Quick Tips, Power BI Desktop, Query Parameters, Part 4, Passing Power Query Parameter Values to SQL Server Stored Procedures

I have written 3 blogposts about query parameters in the past.

This is the fourth one in the form of Quick Tips. Here is the scenario. One of my customers had a requirement to get data from a Stored Procedure from SQL Server. She required to pass the values from a Query Parameter back to SQL Server and get the results in Power BI.

The solution is somewhat easy. I created a simple stored procedure in AdventureWorksDW2019 as below:

CREATE PROCEDURE SP_Sales_by_Date 
	@date int
AS
BEGIN
	SET NOCOUNT ON;
	SELECT *
	FROM [dbo].[FactInternetSales]
	WHERE OrderDateKey >= @date
END
GO

In Power BI Desktop, get data from SQL Server, then:

  • Enter Server name
  • Enter Database name
  • Select Data Connectivity Mode
  • Expand the Advanced options
  • Type in a SQL statement to call the stored procedure like below:
exec SP_Sales_by_Date @date = 20140101
  • Click OK
Get Data From SQL Server using SQL Statements in Power BI Desktop
  • Click Transform Data
Transform Data in Power BI Desktop

Now we need to create a Query Parameter. In my sample I create a DateKey in Decimal Number data type:

Creating New Query Parameter in Power BI Desktop
Continue reading “Quick Tips, Power BI Desktop, Query Parameters, Part 4, Passing Power Query Parameter Values to SQL Server Stored Procedures”

Quick Tips: Converting Hexadecimal, Oct and Binary to Decimal in a Single Power Query Function

A Power Query Function to Convert HEX, OCT and BIN values to DEC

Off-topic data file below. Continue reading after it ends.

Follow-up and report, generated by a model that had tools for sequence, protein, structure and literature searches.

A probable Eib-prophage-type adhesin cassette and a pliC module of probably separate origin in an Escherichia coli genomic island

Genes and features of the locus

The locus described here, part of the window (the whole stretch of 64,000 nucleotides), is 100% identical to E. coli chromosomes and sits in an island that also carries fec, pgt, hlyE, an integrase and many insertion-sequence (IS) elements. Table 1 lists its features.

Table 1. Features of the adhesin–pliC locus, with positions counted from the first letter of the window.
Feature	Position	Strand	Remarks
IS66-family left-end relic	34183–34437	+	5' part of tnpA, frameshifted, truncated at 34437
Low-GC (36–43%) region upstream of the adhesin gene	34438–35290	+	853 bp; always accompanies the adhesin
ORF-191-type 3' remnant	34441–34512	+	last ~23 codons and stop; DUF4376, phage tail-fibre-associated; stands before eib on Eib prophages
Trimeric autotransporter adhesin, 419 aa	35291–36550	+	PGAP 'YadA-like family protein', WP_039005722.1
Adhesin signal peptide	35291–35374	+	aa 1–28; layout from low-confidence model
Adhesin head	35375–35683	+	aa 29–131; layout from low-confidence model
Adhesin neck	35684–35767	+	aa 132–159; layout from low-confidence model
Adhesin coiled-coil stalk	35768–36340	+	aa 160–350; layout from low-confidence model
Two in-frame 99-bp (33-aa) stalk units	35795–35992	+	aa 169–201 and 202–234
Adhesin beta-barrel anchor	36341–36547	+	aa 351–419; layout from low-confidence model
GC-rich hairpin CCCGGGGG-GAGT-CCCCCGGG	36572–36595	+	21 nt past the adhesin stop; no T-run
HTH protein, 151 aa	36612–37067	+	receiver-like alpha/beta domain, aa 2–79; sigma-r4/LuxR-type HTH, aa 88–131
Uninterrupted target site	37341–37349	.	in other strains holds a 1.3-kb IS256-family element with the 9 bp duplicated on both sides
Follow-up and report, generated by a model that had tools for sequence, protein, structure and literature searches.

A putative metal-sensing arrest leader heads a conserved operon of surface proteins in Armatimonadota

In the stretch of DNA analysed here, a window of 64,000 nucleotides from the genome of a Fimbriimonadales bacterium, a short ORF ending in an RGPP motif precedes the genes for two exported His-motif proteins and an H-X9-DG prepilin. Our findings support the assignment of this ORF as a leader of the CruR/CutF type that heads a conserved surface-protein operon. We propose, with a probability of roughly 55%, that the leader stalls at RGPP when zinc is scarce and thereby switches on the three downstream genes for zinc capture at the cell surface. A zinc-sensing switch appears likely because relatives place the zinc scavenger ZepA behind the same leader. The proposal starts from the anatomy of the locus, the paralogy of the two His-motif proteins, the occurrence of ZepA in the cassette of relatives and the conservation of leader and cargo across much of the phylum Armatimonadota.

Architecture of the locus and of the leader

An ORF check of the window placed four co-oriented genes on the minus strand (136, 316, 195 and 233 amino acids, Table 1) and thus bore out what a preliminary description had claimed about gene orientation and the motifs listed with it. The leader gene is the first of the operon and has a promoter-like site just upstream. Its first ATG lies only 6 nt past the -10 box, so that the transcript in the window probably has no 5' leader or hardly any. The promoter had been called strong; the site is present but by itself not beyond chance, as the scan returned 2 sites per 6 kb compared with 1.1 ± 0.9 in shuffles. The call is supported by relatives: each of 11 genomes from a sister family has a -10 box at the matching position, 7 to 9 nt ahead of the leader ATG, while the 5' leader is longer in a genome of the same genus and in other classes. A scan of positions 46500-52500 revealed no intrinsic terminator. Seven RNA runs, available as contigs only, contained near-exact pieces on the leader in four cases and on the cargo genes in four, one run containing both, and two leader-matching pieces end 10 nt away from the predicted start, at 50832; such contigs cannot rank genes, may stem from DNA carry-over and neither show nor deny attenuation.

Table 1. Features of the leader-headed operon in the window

A while ago I wrote a blogpost on how to use Unicode characters in Power BI. In that blogpost I used a recursive Power Query function to convert Hex values to Dec values. A few weeks back one of my site visitors kindly shared his non-recursive version of Power Query function which beautifully does the job. A big shout out to Rocco Lupoi for sharing his code. So, I decided to share it with everyone so more people can leverage his nice Power Query function. I have touched his code a bit though, but it was more of a cosmetic change, so all credits of this blogpost goes to Rocco. The benefits of his code is not limited to being non-recursive. The code below converts numbers of any base when the base is smaller than 16 like Binary and Oct, so it is not limited to Hex values only. The other benefit of the below code is that it is not case sensitive (note to the digits step on the code below).

Here is the fnHex2Dec function for Power Query:

(input as text, optional base as number) as number =>
let
        values = [
                0=0,
                1=1,
                2=2,
                3=3,
                4=4,
                5=5,
                6=6,
                7=7,
                8=8,
                9=9,
                A=10,
                B=11,
                C=12,
                D=13,
                E=14,
                F=15
        ],
        digits = Text.ToList(Text.Upper(input)),
        dim = List.Count(digits)-1,
        exp = if base=null then 16 else base,
        Result = List.Sum(
                        List.Transform(
                                {0..dim}
                                , each Record.Field(values, digits{_}) * Number.Power(exp, dim - _)
                                )
                        )
in
        Result

As you see in the code above, the base parameter is optional, so if not provided base 16 would be the default.

This is how we can invoke the above function:

fnHex2Dec("AbCdEf", null)
Invoking fnHex2Dec function to convert numbers of any base to decimal
Continue reading “Quick Tips: Converting Hexadecimal, Oct and Binary to Decimal in a Single Power Query Function”

Quick Tips: Time Dimension with Time Bands at Seconds Granularity in Power BI and SSAS Tabular

Time Dimension with Time Bands at Seconds Granularity in Power BI and SSAS Tabular